(THE ECONOMIST) – IT IS an odd, and oddly timed, election. Last month Antigua and Barbuda’s prime minister, Gaston Browne, set March 21st as the date for a snap parliamentary election.
That is 18 months earlier than it needs to be, and barely six months after Hurricane Irma blasted Barbuda, the smaller of the Caribbean state’s two islands. Barbuda’s 1,600 inhabitants were evacuated to Antigua. Most have not returned.
It gets odder. All the voting for the 17-seat parliament will take place on Antigua. This means that those Barbudans who returned to the island after the hurricane forced all inhabitants to leave will have to take a 40km (25-mile) ferry ride in order to have a voice in choosing Barbuda’s single MP. Mr Browne says the decision is out of his hands.
By law, each constituency must have just one presiding officer to monitor the vote. The electoral commission has stationed that person in Antigua, to which most Barbudans have been displaced.
Mr Browne could have tried to change the law and did not. This has sharpened the resentment of some Barbudans towards the inhabitants of the country’s richer, bigger island. The electoral commission will lay on a ferry service to bring voters from Barbuda to the polls, but that does not satisfy some islanders.
Barbuda’s one seat could determine whether Mr Browne remains in office. The island has long been split between his Labour Party and the Barbuda People’s Movement (BPM), which is allied to the opposition United Progressive Party (UPP).
Two recent elections to Barbuda’s parliamentary seat were decided by a single vote (the BPM won the constituency in 2009, the Labour Party prevailed five years later). Although Mr Browne’s party has a large majority in parliament, elections have produced big swings. Barbuda’s seat may thus prove to be important in the final reckoning.
For Barbudans the stakes are also high. In February the government ended a system that had prevailed on the island since soon after the end of slavery in 1834, under which land formally belonged to the government, but was held in trust for the community and therefore was effectively communal land. Barbudans were able to lease houses on tiny plots of land. Most of the island’s territory was shared woodland or pasture for livestock.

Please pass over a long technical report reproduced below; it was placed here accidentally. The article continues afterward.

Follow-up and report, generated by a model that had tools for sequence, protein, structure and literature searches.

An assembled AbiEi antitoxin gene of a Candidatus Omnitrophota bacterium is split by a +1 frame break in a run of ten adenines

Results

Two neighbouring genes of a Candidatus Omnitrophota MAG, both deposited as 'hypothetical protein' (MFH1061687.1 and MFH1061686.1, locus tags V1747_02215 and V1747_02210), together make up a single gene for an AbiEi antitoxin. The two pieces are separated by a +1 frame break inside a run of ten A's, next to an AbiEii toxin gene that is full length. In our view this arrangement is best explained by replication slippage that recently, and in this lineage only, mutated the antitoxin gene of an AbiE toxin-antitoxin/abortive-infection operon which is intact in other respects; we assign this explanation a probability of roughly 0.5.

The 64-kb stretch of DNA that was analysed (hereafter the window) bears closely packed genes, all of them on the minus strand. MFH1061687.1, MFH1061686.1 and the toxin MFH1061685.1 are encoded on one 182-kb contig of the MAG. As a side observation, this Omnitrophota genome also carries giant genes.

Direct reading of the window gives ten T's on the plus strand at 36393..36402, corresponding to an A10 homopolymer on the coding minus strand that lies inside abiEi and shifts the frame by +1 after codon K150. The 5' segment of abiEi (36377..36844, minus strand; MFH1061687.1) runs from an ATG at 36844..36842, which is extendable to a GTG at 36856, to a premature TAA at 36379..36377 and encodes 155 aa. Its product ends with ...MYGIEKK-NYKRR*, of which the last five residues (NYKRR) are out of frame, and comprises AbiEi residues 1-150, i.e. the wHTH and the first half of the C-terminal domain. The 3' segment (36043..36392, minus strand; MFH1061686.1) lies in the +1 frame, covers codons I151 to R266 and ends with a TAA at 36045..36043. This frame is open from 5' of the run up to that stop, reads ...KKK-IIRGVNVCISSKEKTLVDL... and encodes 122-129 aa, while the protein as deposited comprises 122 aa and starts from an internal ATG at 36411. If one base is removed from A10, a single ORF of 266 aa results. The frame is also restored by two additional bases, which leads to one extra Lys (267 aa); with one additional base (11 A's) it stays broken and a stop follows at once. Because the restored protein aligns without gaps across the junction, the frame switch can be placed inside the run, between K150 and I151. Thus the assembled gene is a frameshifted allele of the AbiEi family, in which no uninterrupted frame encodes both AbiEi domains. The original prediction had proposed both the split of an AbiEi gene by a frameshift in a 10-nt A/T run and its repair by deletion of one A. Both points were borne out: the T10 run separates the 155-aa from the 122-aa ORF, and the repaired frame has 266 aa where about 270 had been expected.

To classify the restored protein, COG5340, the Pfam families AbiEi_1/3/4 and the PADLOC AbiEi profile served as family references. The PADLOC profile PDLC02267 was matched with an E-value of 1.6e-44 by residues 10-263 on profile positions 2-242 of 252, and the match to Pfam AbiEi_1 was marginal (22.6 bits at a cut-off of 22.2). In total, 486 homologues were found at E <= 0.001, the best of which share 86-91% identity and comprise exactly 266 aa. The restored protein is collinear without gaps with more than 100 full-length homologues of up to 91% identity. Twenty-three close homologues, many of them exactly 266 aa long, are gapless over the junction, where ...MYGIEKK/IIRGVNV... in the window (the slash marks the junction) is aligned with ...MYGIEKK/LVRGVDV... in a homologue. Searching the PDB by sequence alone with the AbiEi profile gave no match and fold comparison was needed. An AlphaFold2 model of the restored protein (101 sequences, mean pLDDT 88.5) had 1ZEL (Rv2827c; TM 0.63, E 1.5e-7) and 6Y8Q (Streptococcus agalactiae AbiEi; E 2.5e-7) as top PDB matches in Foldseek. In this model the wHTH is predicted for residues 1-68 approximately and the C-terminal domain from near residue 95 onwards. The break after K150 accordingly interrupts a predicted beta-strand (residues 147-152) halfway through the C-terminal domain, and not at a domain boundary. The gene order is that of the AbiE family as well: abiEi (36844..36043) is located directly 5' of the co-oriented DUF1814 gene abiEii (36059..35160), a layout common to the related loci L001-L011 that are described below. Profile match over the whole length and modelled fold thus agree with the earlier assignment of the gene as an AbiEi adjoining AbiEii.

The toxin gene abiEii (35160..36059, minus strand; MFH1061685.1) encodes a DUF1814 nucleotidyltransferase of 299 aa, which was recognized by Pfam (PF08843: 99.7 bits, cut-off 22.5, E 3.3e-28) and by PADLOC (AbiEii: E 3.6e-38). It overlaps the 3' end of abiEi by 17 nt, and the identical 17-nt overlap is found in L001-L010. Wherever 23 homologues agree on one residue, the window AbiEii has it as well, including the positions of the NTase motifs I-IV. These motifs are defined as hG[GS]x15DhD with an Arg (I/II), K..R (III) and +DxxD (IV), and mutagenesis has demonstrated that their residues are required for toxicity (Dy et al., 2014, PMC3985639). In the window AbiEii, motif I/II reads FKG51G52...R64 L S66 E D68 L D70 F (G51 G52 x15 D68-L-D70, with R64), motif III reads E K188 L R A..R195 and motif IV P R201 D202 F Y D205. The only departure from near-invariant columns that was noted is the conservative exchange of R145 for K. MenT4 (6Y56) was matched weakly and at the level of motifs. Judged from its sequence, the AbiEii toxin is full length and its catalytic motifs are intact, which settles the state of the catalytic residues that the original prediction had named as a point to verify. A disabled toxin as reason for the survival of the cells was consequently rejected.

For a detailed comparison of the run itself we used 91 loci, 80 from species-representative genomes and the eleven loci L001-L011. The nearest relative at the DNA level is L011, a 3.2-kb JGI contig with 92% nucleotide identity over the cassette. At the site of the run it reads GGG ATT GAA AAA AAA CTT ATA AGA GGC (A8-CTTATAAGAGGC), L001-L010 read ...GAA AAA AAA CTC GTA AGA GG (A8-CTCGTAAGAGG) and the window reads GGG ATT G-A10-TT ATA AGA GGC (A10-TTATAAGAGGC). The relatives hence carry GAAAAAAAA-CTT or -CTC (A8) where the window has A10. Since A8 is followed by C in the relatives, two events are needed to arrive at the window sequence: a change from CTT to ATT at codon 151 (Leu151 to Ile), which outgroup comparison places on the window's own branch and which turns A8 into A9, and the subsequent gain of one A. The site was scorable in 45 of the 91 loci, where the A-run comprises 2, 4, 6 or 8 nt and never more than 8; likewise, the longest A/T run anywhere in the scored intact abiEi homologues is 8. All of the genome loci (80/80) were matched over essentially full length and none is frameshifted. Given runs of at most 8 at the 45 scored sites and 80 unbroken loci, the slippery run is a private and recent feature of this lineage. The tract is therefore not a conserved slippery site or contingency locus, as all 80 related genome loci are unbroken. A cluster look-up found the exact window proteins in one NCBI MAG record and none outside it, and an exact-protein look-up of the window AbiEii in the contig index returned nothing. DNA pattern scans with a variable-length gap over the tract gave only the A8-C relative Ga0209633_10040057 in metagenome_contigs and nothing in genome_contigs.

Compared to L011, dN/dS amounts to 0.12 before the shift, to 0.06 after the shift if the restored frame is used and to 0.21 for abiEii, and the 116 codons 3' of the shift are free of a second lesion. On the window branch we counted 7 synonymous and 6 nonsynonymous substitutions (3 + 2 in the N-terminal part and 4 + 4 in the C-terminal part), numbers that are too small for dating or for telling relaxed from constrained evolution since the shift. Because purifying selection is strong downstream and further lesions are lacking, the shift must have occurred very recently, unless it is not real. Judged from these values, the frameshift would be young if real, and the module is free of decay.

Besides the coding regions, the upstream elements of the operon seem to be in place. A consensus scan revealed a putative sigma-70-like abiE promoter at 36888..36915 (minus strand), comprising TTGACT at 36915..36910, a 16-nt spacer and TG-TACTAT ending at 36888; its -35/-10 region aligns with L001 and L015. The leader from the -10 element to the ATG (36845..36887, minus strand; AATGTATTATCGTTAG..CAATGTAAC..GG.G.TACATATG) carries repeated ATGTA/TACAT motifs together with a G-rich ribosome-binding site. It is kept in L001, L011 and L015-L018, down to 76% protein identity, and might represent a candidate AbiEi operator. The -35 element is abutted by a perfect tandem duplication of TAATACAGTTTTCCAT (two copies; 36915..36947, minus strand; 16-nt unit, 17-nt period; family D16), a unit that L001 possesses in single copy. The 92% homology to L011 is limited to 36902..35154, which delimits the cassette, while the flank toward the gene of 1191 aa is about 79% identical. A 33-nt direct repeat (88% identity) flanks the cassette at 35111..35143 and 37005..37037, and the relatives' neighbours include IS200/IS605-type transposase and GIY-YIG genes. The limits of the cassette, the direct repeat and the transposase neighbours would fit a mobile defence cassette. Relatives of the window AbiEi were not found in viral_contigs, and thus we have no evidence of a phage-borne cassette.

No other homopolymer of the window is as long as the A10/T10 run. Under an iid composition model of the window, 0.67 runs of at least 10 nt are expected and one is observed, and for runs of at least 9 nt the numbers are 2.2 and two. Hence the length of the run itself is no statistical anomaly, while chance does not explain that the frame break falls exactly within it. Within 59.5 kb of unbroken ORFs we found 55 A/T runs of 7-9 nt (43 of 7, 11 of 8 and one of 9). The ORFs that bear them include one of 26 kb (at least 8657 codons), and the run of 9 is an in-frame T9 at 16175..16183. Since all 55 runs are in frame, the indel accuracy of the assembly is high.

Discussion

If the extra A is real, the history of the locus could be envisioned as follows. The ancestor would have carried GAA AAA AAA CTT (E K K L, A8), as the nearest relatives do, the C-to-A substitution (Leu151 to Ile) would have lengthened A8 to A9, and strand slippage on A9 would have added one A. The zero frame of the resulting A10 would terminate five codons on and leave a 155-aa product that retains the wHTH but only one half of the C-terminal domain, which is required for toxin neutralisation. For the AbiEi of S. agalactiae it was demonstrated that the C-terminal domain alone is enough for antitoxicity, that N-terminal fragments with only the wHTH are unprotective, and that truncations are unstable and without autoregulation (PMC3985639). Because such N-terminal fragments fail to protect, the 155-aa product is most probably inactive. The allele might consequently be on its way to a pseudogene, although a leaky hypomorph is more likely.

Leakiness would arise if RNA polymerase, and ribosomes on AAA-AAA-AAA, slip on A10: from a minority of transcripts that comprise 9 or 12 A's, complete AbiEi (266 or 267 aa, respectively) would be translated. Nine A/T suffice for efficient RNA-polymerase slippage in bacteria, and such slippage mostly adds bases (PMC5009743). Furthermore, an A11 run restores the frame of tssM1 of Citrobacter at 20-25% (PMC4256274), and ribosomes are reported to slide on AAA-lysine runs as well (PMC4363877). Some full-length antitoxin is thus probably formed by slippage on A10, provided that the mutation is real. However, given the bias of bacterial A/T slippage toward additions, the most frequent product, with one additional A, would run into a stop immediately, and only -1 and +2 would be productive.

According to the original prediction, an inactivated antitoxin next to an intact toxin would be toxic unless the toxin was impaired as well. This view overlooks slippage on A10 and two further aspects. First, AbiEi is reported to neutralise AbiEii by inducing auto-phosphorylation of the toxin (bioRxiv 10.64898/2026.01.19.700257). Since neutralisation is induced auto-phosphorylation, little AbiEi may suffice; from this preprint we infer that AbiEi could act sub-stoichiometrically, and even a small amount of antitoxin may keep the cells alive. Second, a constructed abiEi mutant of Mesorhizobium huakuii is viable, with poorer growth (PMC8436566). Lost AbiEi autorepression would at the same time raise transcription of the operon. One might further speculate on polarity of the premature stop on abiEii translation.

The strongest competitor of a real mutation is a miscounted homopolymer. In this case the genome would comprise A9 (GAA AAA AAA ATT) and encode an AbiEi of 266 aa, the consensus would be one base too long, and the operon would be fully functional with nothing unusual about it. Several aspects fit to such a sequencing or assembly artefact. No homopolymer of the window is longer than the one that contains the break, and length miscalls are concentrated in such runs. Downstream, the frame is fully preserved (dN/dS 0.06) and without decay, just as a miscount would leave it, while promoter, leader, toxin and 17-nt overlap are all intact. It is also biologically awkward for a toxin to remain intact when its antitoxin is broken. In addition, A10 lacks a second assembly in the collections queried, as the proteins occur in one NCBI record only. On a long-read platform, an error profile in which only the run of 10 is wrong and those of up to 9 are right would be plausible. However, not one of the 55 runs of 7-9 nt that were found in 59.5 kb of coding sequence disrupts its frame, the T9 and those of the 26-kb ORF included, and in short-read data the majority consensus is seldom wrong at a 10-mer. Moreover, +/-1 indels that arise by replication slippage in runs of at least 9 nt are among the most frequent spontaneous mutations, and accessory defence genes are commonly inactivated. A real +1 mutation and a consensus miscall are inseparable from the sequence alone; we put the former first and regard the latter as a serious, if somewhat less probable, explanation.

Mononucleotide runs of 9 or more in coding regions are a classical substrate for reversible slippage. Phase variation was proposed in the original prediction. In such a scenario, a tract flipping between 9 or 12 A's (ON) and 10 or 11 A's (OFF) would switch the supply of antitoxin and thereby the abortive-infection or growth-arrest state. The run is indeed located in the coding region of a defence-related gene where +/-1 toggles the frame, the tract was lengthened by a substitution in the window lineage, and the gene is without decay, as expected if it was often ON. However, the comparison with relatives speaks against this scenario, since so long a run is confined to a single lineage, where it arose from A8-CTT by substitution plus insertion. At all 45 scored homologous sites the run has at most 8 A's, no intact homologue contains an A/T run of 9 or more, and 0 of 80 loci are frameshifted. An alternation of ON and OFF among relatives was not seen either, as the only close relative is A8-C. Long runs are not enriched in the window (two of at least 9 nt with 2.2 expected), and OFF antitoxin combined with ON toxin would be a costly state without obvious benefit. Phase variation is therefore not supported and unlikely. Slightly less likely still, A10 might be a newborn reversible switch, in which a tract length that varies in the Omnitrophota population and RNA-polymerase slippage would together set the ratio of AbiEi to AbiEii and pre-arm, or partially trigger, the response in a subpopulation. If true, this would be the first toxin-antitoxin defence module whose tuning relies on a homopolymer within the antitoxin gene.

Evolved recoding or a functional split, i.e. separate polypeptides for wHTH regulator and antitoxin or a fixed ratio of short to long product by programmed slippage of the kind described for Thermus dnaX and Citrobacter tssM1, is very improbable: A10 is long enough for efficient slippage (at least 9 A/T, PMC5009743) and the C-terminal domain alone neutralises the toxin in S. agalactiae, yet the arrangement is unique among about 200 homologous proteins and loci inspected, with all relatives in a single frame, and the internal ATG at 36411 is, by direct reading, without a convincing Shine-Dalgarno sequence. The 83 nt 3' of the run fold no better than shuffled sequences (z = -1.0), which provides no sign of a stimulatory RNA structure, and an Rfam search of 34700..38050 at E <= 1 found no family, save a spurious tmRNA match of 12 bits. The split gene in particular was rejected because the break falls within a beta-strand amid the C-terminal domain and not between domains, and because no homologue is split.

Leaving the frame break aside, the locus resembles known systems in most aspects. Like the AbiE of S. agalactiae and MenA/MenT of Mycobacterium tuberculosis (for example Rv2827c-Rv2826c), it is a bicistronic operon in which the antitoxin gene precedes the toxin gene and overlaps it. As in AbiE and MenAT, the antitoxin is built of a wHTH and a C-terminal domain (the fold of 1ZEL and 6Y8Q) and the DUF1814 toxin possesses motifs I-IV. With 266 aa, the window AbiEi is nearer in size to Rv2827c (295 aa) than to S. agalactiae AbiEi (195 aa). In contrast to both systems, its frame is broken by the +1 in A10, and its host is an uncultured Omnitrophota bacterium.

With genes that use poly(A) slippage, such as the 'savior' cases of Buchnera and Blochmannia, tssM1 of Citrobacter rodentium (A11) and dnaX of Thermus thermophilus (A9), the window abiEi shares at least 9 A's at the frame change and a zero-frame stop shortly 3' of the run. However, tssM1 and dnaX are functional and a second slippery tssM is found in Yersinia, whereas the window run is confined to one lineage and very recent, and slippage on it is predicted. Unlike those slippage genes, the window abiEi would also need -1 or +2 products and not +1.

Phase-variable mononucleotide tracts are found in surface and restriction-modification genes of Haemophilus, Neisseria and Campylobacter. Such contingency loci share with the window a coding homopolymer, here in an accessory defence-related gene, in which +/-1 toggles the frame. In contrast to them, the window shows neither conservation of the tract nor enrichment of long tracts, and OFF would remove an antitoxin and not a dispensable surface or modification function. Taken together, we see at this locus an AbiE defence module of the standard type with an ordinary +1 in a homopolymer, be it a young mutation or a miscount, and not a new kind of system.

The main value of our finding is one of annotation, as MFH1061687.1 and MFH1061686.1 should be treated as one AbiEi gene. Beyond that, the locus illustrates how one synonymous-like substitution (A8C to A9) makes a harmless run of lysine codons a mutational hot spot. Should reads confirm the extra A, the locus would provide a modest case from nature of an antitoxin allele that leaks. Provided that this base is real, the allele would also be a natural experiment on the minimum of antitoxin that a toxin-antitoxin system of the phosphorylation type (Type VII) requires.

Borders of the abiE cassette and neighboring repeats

Under the amended law, Barbudans can buy their plots for one Eastern Caribbean dollar (about 37 cents). The government says this will allow them to borrow for rebuilding after the hurricane. But many suspect its real motive for ending the old system of ownership was to let outsiders buy up a significant slice of the land for development.
The island has pink-and-white beaches and a frigate bird sanctuary. It is surrounded by clear blue water. But it has few tourists. The only big employer is the local council (controlled by the Labour Party).
Robert de Niro, a multiple-Oscar-winning actor who has been the country’s “special economic envoy” since 2014, and James Packer, an Australian billionaire, want to change that. They plan to build “Paradise Found”, a $250m resort on the site of K Club, a getaway favoured by Princess Diana.
The plan is contentious. Trevor Walker, the leader of the BPM, says the developers are offering too little rent (a one-time payment of $6.45m for around 1,100 acres of prime land). Now that communal ownership has been abolished, the investors can convert their 99-year lease into freehold ownership.
Mr Walker claims that the government approved the project without assessing its environmental impact. Antiguans will get most of the jobs, Barbudan critics say. In February the country’s high court ruled that Mr Walker could proceed with a challenge to legislation that provides the basis for Paradise Found’s lease on the property.
The election offers a quicker route to blocking the resort in its current form and restoring communal ownership. The BPM and its opposition ally say they will do both if they win. They claim that the odds of that happening would be better if Barbudans who stayed on the island could vote at home. Perhaps that is why Mr Browne likes the idea of putting deep blue sea between voters and the polling station.